Headed to Montauk with the 2010 Ford F-150 SVT Raptor there was one thing I had to get: a picture of all four wheels off the ground. I got it, but it turns out that's not the Raptor's point.
Ever since we first got a ride in the Raptor last November, jumping has been the unseen pinnacle to the off-road super truck's performance. With 11.2 inches of suspension travel up front from incredibly heavy duty triple internal bypass Fox Racing shocks, an increased approach angle and beefy front bash plate we knew it was possible, but liability concerns kept Ford from showing anything beyond the limits of the suspension's extension. Then we drove the Raptor in Anza Borrego and, while we did achieve launch velocity, we were prevented from photographing it.
But, handed the keys to a bright orange super truck for the weekend and armed with a pass to drive on Montauk's beaches, we suffered no such restriction. The only problem now was finding a suitable jump location.
That location needed to meet a few critical criteria. The first and most obvious was the need for a ramp. A suitable one needed to sit at such an angle that it'd launch the Raptor into the air at a relatively sane speed. But some speed (probably somewhere between 30 and 50 MPH) was still needed, so a good couple hundred yards of run up was also required. Of course, all things that go up must come down, creating our biggest concern, the landing. Being relatively unfamiliar with the truck, we couldn't be sure how it'd behave while jumping, so we wanted a large, flat, soft landing area free of debris or anything that could either puncture a tire or possibly even the radiator or oil pan should either get a little too close to the ground.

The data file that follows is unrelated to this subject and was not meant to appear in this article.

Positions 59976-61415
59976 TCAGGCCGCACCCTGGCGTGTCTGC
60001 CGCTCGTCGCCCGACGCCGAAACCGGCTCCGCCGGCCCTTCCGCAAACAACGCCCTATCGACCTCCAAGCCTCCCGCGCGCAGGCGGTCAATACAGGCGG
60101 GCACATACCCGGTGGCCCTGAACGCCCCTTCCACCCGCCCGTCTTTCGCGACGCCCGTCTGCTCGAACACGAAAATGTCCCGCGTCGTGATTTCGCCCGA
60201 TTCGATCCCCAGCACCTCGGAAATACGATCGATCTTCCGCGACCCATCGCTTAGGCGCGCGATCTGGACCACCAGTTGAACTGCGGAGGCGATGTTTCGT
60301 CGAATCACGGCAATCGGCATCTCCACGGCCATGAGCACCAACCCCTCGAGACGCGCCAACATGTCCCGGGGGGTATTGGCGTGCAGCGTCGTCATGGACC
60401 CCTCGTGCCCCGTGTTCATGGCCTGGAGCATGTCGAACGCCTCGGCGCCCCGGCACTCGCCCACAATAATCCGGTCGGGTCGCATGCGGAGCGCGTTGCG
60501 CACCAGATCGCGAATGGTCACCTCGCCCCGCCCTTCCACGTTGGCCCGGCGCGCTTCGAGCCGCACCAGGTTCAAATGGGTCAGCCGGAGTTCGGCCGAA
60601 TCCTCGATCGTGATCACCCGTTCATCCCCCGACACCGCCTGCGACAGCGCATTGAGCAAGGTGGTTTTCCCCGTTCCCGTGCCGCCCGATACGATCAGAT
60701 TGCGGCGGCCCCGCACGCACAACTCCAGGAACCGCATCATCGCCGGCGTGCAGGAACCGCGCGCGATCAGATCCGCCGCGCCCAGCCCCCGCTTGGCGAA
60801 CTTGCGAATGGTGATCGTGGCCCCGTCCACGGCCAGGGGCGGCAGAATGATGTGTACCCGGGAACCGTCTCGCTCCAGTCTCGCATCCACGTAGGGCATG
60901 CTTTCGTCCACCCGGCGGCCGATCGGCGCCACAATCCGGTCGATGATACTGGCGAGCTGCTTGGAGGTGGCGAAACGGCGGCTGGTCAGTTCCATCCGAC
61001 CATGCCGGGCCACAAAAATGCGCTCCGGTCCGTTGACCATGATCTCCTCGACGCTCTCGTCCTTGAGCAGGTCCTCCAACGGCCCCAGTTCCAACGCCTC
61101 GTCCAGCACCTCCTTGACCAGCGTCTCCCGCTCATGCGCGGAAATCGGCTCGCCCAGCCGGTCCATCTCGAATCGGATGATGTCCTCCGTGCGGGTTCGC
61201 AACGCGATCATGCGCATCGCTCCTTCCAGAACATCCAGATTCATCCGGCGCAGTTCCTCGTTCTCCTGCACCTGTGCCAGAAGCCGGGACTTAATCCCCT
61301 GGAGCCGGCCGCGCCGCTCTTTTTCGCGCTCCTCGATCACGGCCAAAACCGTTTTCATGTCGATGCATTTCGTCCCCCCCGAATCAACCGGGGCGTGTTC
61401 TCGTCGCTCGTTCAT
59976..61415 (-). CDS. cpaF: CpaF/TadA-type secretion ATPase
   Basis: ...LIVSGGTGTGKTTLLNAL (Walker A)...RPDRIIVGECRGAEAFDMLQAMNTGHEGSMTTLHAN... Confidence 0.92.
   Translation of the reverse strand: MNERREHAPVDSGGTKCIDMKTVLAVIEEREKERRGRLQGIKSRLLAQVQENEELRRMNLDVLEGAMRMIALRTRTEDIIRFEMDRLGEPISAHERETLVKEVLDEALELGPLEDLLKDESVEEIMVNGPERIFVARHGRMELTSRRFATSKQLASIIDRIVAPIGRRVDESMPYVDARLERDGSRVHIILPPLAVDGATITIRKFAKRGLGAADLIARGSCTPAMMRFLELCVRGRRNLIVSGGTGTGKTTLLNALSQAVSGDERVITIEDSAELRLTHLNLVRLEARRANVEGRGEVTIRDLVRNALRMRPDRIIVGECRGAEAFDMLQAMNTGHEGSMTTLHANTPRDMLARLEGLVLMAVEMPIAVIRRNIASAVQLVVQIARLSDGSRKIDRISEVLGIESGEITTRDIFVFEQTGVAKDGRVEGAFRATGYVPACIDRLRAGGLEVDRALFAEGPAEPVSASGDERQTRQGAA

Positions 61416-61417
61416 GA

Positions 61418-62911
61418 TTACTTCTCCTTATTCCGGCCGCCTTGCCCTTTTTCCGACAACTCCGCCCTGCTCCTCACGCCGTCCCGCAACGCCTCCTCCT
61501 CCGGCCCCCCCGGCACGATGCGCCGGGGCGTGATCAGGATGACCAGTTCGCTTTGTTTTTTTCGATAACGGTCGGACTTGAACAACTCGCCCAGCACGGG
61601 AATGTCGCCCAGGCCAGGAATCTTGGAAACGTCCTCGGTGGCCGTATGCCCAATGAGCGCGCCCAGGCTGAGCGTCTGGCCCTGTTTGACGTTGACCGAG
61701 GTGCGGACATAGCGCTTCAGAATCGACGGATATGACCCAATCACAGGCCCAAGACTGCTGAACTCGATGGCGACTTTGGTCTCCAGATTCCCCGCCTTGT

Finding an ideal location proved harder than initially thought. In fact, it took two days of exploring the easterly tip of Long Island's beaches and surprising abundance of trails to find something approaching suitability. Of course, it turned out the ramp we needed was located at the entrance to the beach we first took, we just need to look at it right to see the possibility. You see, in addition to capability, the Raptor is also equipped with limitations.
As a stock, showroom-available vehicle, the Raptor has to make a few necessary concessions to things like reliability, user-friendliness and yes, the dreaded legal liability a company the size of Ford is desperate to avoid. Surprisingly, it's not the any of those that labor the Raptor with its only real restriction. The tires, bespoke BF Goodrich K0's designed to work well on-road and off up to the limited 100 MPH top speed, are still able to find adequate grip even in feet-deep soft sand. The stability control is fully-defeatable, defying Ford's liability nazis. No, the problem with the Raptor isn't any of the restrictions conventional wisdom dictates would be included on a truck that comes with a warranty, it's the restriction SVT's engineers had to shoulder in the name of keeping costs low (the Raptor carries only a $2,900 premium over an F-150 FX4). The biggest problem with the Raptor is the damn gearbox.